I didn’t know about the little gem of a vegetable that is spaghetti squash until a few years ago when a friend made it for me. I was probably way more excited than a normal person should be to see “noodles” being magically pulled out of a vegetable with a fork. I introduced it to my family and it’s now a favorite among them as well. Spaghetti squash is a winter squash and is usually best in late autumn, but I’ve found nice spaghetti squashes in the middle of summer (and in fact, I just made it last week). Granted, it’s not exactly like eating spaghetti because of the crunchier texture, but it’s definitely an easy gluten-free alternative to pasta.
Spaghetti squash is simple to make. The raw squash can be difficult to split, but I find that halving it speeds up cooking time and is easier to clean out and shred. People have different techniques, but I usually place the halves rind-side-up in a glass baking dish, cover the bottom of the pan with water, and bake at 375° for 45 minutes to an hour, until the squash is soft. The trickiest part is pulling out the strands while the squash is still hot, so I usually hold the squash still with a fork while shredding it with another fork, then I dump the shreds into a nearby bowl as they accumulate.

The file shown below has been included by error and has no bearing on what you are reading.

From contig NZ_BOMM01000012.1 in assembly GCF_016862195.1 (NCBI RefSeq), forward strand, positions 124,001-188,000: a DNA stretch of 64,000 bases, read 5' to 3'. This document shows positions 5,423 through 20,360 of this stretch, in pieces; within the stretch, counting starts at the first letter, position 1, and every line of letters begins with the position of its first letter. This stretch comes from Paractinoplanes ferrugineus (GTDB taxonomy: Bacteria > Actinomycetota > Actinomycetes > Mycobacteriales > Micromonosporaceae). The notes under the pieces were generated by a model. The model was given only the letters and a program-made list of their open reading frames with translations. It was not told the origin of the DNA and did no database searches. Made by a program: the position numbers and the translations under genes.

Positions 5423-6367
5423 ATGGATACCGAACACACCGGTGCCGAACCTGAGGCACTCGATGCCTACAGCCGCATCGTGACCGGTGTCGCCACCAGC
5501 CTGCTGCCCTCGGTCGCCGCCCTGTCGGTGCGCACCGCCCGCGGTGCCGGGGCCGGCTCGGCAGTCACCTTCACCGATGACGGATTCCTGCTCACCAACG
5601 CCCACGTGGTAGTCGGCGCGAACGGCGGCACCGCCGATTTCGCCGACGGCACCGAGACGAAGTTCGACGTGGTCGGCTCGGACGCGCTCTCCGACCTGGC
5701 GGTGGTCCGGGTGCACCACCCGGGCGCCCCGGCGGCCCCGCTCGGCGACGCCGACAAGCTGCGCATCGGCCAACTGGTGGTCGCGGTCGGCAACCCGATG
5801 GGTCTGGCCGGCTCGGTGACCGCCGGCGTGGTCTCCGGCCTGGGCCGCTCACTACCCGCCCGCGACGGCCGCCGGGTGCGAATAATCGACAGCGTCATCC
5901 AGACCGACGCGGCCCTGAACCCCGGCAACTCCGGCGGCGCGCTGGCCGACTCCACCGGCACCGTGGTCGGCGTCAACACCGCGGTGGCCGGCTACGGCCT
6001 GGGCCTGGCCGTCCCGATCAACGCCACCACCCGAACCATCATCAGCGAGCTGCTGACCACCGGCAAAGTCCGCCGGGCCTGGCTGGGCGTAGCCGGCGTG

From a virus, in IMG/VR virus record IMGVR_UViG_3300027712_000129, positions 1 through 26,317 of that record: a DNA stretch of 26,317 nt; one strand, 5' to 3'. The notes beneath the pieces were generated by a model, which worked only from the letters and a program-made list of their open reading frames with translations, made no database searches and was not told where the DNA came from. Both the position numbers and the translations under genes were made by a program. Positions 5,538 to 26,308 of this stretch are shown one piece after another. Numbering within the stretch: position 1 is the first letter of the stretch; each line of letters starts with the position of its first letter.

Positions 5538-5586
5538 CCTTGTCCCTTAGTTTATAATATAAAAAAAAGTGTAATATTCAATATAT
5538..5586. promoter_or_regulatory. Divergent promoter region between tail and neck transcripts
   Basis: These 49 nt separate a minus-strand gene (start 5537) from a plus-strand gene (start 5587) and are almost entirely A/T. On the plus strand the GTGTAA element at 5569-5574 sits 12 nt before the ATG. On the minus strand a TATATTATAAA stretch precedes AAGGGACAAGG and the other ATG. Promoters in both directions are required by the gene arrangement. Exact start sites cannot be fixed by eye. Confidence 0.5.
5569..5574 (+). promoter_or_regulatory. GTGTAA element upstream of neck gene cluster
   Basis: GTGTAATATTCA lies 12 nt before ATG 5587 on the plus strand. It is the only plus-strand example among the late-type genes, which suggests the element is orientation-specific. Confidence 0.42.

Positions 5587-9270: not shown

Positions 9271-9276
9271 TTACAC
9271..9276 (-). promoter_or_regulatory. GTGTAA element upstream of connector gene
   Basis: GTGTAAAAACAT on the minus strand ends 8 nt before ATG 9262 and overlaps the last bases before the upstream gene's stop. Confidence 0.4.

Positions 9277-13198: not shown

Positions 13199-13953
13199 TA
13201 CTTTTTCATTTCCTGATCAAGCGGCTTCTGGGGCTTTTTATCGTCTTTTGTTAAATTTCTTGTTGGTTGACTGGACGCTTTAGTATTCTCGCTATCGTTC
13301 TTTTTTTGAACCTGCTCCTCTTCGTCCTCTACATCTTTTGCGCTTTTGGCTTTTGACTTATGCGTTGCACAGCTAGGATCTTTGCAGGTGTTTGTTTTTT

What’s so great about spaghetti squash is that, because it’s pretty bland on its own, it can be dressed up with whatever flavors you like. You can eat it plain, with just some butter, salt, and pepper, or cover it in a tomato or alfredo sauce. You can top it with chicken, sausage, meatballs, cheese, mushrooms, olives, eggplant, cherry tomatoes, or anything else that could normally go on spaghetti. I generally just do mine with the classic tomato sauce, mozzarella cheese, and basil. You can also check out this post by Sarah that links to a mouthwatering spaghetti squash lasagna recipe.
Spaghetti squash is such a delicious and nutritious naturally gluten-free alternative to pasta – just maybe don’t tell the kids they’re eating a vegetable!
Got any great ideas for dressing up spaghetti squash? Tell us about them!